Think Twice Before Doing Any These 4 Crazy Things On A Work Computer
The typical office worker spends and average of 45+ hours a week at work...or on work. And these days, with everything being networked and accessible, most of that time is spent working on the company computer.
Of course, many companies today like providing laptops and even tablets to their employees so they can take their work home with them.
After a while, employees start mixing their work and home life/interests together, even in the office.
And why not, most people think. You give most of your waking hours to work; you should be able to go online for a little information, recreation and fun when time allows.
Because there are a handful of activities you might do that can get in trouble, suspended or even let go.
Because while some companies don't care what you do online with your computer or on the company—as long as you get your work done—other companies may let you go if you violate even just one of their network policies, or if they don't like what you're up to online.
Remember, you may control your network at home, but somebody at the office is monitoring the company network on behalf of your employer...and it's very easy for an employer to see what you're up to.
Blame the IT guys? No. Blame yourself.
These are four big "No-No's that can get you tossed from your job.
How many of these are you guilty of?
1. Sneaking a peek at porn.
You're thinking to yourself, "no one would be dumb enough to watch porn at work!" Think again. You knew this would make the list, so let's just get it out of the way. Believe it or not, a high percentage of porn viewing occurs at work.
A handful of years ago a survey by the Neilson said that about 30% of people went to an "adult-oriented" site of some kind from a work computer. Porn is addicting, and someone in the habit of looking at it is going to try to sneak a peek at porn from the comfort of their cubicle sooner or later.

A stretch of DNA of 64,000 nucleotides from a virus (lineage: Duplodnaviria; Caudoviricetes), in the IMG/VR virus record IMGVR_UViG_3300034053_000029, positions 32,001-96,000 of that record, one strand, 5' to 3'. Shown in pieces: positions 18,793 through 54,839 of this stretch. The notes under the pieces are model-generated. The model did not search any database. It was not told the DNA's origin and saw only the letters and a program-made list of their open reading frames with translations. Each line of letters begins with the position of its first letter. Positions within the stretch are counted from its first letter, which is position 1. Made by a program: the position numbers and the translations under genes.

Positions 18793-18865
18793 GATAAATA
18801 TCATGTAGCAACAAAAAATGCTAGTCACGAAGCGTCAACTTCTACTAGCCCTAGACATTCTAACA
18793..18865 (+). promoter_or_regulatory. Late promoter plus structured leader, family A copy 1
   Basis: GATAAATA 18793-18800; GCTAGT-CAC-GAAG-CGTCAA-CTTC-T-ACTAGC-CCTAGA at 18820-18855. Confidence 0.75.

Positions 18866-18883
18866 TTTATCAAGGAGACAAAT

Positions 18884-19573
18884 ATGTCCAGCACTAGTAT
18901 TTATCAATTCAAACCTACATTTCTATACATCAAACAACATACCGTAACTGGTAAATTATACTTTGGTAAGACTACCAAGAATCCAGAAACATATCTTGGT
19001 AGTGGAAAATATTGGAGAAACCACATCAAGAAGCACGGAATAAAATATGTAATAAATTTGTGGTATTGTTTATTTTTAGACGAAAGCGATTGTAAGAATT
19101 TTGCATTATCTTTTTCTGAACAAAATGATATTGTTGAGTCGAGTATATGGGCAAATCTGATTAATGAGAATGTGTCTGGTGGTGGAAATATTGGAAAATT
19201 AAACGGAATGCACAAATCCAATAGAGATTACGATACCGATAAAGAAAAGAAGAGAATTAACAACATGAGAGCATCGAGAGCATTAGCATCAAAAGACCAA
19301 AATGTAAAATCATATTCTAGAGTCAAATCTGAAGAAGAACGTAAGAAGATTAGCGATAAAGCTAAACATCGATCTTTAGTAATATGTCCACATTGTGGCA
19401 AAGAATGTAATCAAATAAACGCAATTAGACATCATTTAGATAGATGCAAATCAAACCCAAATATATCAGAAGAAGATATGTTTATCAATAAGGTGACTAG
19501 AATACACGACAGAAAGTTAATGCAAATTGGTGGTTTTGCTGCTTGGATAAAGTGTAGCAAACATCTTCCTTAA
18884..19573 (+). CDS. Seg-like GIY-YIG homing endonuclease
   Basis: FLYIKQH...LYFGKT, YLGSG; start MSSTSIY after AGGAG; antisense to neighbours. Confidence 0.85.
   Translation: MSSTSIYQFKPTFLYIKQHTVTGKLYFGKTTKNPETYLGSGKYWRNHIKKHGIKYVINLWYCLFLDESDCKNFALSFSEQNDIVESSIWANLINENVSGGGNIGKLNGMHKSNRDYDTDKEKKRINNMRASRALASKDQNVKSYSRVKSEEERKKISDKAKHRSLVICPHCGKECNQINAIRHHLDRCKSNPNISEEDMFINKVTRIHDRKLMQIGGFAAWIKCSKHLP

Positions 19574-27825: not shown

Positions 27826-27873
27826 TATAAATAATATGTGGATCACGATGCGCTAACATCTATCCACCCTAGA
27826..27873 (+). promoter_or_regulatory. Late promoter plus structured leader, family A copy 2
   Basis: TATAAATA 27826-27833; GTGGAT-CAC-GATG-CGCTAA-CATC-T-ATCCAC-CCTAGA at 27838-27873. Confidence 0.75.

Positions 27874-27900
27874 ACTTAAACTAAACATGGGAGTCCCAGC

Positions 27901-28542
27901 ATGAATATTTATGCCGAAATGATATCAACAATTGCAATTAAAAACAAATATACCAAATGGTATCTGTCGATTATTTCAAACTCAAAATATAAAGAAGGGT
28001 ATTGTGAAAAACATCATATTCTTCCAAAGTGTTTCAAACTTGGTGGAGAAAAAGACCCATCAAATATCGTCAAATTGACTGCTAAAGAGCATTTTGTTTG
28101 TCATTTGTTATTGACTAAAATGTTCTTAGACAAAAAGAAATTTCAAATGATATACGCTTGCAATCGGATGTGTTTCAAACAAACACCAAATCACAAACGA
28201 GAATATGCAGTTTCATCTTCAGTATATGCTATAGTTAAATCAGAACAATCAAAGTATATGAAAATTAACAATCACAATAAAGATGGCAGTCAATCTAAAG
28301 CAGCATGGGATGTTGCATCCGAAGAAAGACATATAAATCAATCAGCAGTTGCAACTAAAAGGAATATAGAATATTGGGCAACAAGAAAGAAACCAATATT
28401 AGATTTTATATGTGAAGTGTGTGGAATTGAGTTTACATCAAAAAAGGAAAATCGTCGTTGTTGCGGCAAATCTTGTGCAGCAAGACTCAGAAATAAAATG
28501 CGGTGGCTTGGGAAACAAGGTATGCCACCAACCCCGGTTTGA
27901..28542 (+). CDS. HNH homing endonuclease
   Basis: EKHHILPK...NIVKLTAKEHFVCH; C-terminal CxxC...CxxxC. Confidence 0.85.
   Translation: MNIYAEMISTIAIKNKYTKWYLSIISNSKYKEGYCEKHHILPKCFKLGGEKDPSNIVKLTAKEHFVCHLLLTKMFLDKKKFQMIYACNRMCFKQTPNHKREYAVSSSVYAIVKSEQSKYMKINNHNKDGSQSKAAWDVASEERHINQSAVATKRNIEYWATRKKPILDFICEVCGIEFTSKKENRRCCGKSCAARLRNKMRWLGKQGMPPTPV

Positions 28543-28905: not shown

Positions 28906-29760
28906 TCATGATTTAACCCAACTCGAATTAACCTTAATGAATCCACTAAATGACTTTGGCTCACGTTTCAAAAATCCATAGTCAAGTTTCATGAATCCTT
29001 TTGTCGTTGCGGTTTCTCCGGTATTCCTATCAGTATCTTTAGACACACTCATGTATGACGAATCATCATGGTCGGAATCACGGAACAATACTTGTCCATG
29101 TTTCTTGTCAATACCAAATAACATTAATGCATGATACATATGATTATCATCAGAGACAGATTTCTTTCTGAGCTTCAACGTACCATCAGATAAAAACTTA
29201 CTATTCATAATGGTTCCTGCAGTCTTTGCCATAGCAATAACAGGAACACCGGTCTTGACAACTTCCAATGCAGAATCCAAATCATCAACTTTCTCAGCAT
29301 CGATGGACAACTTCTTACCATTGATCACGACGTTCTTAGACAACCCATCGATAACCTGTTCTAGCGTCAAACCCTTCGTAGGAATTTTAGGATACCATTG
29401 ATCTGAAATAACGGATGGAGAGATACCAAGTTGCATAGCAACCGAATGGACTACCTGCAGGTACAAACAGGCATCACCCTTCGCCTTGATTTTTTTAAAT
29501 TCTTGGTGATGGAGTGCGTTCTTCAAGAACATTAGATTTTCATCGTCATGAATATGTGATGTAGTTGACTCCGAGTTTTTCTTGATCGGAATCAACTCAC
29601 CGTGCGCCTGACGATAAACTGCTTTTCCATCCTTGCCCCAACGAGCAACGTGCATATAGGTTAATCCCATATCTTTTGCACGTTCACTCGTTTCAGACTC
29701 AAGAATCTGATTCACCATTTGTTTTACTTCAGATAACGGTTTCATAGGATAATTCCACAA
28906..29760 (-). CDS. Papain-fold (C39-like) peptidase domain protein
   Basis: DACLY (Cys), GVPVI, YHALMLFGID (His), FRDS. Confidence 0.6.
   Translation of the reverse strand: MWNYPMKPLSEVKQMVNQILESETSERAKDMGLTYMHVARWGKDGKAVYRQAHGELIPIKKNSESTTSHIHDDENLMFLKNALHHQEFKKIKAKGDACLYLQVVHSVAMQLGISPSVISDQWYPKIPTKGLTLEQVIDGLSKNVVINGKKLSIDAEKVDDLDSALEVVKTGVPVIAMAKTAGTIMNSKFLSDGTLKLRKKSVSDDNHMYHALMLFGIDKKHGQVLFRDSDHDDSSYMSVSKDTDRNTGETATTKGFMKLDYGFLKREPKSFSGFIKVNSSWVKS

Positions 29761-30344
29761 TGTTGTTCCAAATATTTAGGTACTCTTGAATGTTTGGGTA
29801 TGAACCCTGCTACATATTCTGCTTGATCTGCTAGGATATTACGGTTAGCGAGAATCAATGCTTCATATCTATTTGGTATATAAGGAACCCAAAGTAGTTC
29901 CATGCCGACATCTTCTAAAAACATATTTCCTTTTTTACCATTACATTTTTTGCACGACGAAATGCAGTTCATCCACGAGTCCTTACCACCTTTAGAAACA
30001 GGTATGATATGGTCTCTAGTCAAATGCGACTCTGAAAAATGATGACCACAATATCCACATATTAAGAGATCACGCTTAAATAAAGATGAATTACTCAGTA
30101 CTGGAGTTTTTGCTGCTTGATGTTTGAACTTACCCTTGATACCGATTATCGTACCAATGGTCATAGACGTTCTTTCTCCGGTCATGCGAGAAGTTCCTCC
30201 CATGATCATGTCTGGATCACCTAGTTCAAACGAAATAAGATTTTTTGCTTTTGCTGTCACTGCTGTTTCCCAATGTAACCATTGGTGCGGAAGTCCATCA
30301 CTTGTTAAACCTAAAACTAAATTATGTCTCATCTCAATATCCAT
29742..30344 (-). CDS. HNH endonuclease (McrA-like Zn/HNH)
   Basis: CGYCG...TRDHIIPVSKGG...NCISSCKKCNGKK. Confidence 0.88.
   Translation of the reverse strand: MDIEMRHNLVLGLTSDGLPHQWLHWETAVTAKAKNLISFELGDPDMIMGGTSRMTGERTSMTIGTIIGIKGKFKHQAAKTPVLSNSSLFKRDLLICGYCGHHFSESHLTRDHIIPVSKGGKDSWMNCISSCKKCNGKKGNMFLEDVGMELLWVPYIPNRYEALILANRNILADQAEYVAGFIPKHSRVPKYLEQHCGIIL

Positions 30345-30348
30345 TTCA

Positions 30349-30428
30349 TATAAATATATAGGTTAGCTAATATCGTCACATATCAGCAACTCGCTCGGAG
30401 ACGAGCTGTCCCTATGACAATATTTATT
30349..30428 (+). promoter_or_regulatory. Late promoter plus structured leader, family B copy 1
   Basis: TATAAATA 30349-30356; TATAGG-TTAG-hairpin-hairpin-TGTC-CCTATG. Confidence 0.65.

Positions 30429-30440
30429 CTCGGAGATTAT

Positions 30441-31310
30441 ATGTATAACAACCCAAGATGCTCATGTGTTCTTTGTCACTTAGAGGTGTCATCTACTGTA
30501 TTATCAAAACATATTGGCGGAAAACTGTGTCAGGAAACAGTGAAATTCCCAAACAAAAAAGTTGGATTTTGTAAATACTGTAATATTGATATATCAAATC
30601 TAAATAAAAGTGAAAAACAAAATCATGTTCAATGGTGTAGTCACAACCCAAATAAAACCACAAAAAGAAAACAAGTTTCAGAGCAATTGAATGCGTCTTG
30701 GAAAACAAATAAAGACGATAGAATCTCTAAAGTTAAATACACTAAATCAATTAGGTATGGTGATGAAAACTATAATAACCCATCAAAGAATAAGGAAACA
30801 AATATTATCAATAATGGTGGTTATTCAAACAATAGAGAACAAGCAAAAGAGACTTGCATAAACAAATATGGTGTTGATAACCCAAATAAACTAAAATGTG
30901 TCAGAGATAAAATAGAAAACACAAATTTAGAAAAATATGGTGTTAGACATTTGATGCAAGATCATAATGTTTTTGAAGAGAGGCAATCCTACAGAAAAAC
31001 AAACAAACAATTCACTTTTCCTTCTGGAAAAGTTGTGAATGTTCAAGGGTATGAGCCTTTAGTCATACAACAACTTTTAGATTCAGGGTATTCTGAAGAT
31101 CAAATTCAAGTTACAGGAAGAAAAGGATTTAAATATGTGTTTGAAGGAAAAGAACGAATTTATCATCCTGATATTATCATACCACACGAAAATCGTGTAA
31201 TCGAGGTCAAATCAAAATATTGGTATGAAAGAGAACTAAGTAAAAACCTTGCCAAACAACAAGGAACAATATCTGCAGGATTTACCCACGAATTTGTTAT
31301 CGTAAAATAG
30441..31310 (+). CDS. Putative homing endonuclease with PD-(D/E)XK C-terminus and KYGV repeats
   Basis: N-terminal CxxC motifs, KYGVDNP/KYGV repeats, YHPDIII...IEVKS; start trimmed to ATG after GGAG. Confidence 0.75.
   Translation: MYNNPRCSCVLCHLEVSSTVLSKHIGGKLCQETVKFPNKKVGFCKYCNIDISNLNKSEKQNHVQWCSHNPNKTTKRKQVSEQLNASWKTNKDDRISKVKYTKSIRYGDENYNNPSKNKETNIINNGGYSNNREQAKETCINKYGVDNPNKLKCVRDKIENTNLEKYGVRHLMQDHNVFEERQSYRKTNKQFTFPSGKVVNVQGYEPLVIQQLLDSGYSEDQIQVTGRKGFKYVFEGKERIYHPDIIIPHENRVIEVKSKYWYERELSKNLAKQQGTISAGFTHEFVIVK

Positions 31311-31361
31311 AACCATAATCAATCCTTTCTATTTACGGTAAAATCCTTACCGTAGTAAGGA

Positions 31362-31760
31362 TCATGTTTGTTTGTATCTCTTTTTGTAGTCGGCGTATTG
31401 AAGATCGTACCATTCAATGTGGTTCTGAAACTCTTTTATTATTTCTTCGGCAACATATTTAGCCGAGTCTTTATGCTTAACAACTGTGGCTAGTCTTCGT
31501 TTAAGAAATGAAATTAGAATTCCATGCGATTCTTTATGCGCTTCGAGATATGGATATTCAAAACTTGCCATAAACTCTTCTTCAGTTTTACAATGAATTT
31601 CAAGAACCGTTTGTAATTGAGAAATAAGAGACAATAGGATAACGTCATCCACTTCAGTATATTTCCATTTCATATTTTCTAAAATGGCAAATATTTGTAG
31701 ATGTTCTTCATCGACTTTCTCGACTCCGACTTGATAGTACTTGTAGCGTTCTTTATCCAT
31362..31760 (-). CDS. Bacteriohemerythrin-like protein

Don't. It can get you fired from a good job.
Oh, and remember, getting fired makes you ineligible for unemployment.
Let the horny beware.
2. Letting someone else log into your work network.
Thanks to work-based Virtual Private Networks (VPNs), employees can access their company's secure network remotely from home. But if you were to give your VPN access information to someone else (wife, girlfriend, roommate)—or let them use your computer while you're logged in—they could find their way to sensitive company information.
If you're employer got wind of that (or if your friend visited bad sites while using your computer), you could lose your job rather fast, no questions asked.
3. Keeping any confidential or personal stuff on your computer.
This habit won't get you in trouble at work. It might get you in trouble at home.
One day you go into work, do a little banking during lunch, write in your personal journal, work on a spreadsheet tracking your investments drinking your morning coffee. You keep all your files on your computer hard drive. You put a Post-it note on your desk reminding you to transfer your files to a flash drive. Some day.
The next day when you go in, the company lays you off, along with others.
That's not the only bad news. You're NOT allowed to retrieve any information from your computer, for security reasons.
Companies are supposed to have their IT staff delete all files from computers left behind. But that doesn't always happen.
So, who knows what will happen to your private and personal information. Certainly not you. You're history.
Your laptop could be left on your desk for days while IT is laying more people off, and some other employee could use it (or steal it) during the shuffle.
It happens all the time.
But there's something you might be doing that's even worse.
4. Pirating movies or software and getting caught.
Chances are you have a much faster Internet connection at work than you do at home. That makes it tempting to stream movies before or after work...as long as you got your work done, you say to yourself.
But sometimes employees go a step further and get tempted to download software or movies illegally, violating serious International laws using peer to peer (P2P) torrent or file sharing services.
"Big deal," you say, right? So you pirate a movie or two that make millions for rich studios. Who's going to care? And besides, you work in a big corporation with lots of lawyers.
Hold on their, buccaneer. Employers are not tolerant of risking major fines from the government because you want to pirate all the Fast and Furious movies.
Beyond that, if you download a file that contains a virus, it could quickly spread through the entire company network. That's how much of today's malware finds its way onto thousands of computers in a matter of hours.
Do you think your company would think twice before letting you go? Not likely.
Separation of work and home.
Most employers will give their staff some leeway when it comes to using social media programs while at work. In some cases, it might even be encouraged.
But NO company wants to risk being liable for lawsuits or risk having company secrets stolen. There's not gray area there.
That's why you need to think twice before you spend any part of your work week using the company resources irresponsibly.
At least be sure to know your company's policies before you click on any tempting links.